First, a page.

I could go on and on but it's very late and I'm very sad and I just want to go to sleep and forget this week ever happened. If just for a while.
It feels strange to have this much affection for the father of your wife. You're not supposed to like your in-laws, after all. But I really did love that man. But he was so cool that I could never bring myself to call him "Richard", to his face or otherwise. And I knew he didn't like me to call him Mr. Lemons either. So I would play this game where I would have to word my sentences with creative uses of pronouns to avoid either one. I don't know if he picked up on it or not but now I wish I'd just called him Richard. Even just once. But...you didn't call the Fonz "Arthur", did you?
Good night, Richard. I'll miss you more than I can express.
Yep. You've seen this drawing before. Bear with me.
Thanks to some of Bill Mantlo's other fans at the John Byrne Forum, I was recently reminded of his plight and the struggles his brother Mike has endured in order to care for him. One of the members at the JBF posted this link:
It's an in-depth article about the Mantlos and the shortcomings of our healthcare system. It's a long, difficult, heartbreaking read but I highly recommend it. Another JBF-er did some research and came up with Mike Mantlo's contact info. I emailed him yesterday and he's an incredibly nice, positive guy. I'd really like to help him in whatever small way I can. Which brings me to the point of this post.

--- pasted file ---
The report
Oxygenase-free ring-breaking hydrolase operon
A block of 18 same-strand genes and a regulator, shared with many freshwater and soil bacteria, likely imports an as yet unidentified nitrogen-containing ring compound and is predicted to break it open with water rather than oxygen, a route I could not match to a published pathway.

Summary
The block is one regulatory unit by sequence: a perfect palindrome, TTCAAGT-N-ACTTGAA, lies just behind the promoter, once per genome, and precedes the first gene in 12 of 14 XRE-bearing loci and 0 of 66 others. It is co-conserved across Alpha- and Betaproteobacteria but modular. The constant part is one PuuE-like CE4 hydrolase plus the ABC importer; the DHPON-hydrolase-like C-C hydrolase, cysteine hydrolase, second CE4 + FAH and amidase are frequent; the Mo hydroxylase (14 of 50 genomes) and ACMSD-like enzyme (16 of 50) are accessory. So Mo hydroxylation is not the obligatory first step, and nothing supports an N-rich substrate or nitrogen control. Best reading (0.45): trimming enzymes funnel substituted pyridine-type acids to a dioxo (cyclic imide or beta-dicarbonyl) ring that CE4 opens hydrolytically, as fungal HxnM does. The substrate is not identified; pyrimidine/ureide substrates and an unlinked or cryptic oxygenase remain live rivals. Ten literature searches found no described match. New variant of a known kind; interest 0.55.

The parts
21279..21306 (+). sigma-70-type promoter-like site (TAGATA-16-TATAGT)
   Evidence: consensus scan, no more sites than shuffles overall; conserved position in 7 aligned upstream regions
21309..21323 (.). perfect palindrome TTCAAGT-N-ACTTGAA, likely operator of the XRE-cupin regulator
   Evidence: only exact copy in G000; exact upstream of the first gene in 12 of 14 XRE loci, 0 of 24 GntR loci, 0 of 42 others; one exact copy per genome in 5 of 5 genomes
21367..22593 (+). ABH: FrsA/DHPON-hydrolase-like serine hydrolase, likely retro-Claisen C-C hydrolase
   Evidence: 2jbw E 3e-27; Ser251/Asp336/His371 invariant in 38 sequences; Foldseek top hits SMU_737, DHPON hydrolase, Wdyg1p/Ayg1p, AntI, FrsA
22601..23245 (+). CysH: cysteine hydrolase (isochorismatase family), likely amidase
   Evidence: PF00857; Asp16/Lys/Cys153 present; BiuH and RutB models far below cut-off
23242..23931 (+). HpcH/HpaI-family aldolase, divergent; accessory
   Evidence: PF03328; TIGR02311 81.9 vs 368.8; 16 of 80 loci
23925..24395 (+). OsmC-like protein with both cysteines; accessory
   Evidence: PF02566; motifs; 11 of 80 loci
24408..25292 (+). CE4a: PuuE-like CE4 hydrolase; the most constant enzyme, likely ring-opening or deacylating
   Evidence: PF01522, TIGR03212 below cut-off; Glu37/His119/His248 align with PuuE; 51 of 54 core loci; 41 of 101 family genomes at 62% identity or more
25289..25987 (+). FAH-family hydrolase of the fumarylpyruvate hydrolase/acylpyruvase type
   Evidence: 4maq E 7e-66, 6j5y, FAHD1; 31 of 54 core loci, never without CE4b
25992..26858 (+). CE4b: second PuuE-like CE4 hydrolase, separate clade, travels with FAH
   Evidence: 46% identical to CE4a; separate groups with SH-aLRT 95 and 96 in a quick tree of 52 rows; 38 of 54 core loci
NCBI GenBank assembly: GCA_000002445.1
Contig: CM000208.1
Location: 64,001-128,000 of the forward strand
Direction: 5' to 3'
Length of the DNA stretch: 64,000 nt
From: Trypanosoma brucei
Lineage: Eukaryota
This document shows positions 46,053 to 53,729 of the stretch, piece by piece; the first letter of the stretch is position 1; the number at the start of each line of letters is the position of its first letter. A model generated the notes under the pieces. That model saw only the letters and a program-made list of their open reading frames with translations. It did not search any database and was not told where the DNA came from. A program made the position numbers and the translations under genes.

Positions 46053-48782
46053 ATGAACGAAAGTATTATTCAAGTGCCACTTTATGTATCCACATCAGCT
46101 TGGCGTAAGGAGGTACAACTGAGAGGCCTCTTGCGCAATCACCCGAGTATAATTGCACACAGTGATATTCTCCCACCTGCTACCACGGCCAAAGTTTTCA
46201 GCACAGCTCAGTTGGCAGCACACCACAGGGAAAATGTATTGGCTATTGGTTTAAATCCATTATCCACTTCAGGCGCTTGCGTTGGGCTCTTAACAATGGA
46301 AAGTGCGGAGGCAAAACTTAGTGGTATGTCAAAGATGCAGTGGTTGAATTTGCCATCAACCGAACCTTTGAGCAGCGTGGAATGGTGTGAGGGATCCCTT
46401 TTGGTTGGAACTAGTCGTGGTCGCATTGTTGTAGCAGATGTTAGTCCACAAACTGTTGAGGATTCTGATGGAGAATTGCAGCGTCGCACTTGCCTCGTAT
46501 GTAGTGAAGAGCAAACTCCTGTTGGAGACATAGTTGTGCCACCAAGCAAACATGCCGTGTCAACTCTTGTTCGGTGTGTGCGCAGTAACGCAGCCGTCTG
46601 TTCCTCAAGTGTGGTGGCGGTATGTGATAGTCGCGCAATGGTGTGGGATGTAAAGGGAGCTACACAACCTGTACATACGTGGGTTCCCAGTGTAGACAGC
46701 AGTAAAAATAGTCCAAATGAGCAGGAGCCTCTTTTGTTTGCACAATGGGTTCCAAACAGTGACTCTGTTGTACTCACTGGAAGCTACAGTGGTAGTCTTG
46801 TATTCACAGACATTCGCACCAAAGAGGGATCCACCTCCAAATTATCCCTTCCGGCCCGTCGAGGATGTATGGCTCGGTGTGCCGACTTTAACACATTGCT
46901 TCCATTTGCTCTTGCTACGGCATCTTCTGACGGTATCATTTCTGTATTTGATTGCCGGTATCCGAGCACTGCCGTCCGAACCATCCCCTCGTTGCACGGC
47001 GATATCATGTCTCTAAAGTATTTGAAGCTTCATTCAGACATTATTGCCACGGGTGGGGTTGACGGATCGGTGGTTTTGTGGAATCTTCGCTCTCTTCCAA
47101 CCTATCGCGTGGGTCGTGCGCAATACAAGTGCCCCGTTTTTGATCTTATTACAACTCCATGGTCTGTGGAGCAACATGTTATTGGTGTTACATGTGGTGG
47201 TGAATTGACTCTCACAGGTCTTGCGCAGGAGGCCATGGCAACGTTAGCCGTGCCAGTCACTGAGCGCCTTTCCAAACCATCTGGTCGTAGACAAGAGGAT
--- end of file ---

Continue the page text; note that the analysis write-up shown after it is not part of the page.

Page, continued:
A couple of years ago, Todd got me in touch with the nice folks at SpaceNite, the people that commission and auction off art featuring ROM, SPACEKNIGHT, (one of Mantlo's most popular projects for Marvel) for his benefit. Though I'm basically nobody, they were enthusiastic about me inserting myself into their project and I drew the above picture for them to auction off. It's pen and ink on 11x17 bristol. Through some snafu involving miscommunication, we never did close the deal and the art is still with me. As far as I know, there aren't anymore SpaceNites in the works and I'd hate for the drawing to go to waste.
So in addition to what I'm going to send to Mr. Mantlo myself, I'm hoping someone will offer me something for this piece. Whatever I get will go directly to Mike Mantlo for the benefit of his brother. If anyone reading this is interested, please send an offer to me at DELETETHISmafus@comcast.netDELETETHIS and the art will go to the highest bidder. Though I don't expect the world to beat down my door, I did spend quite a bit of time on this so I'm going to start the bidding at $50. Since traffic's down the last couple of months since I took a break, I'm going to give it a while and close the bidding at noon on December 15th, 2011. If I haven't gotten any offers by then, I'll let you know and will then take whatever I can get. Deal?
Wish me luck and please keep Mike and Bill Mantlo in your thoughts over the holidays.
Astonishingly, I may actually have a new drawing to post soon. Later.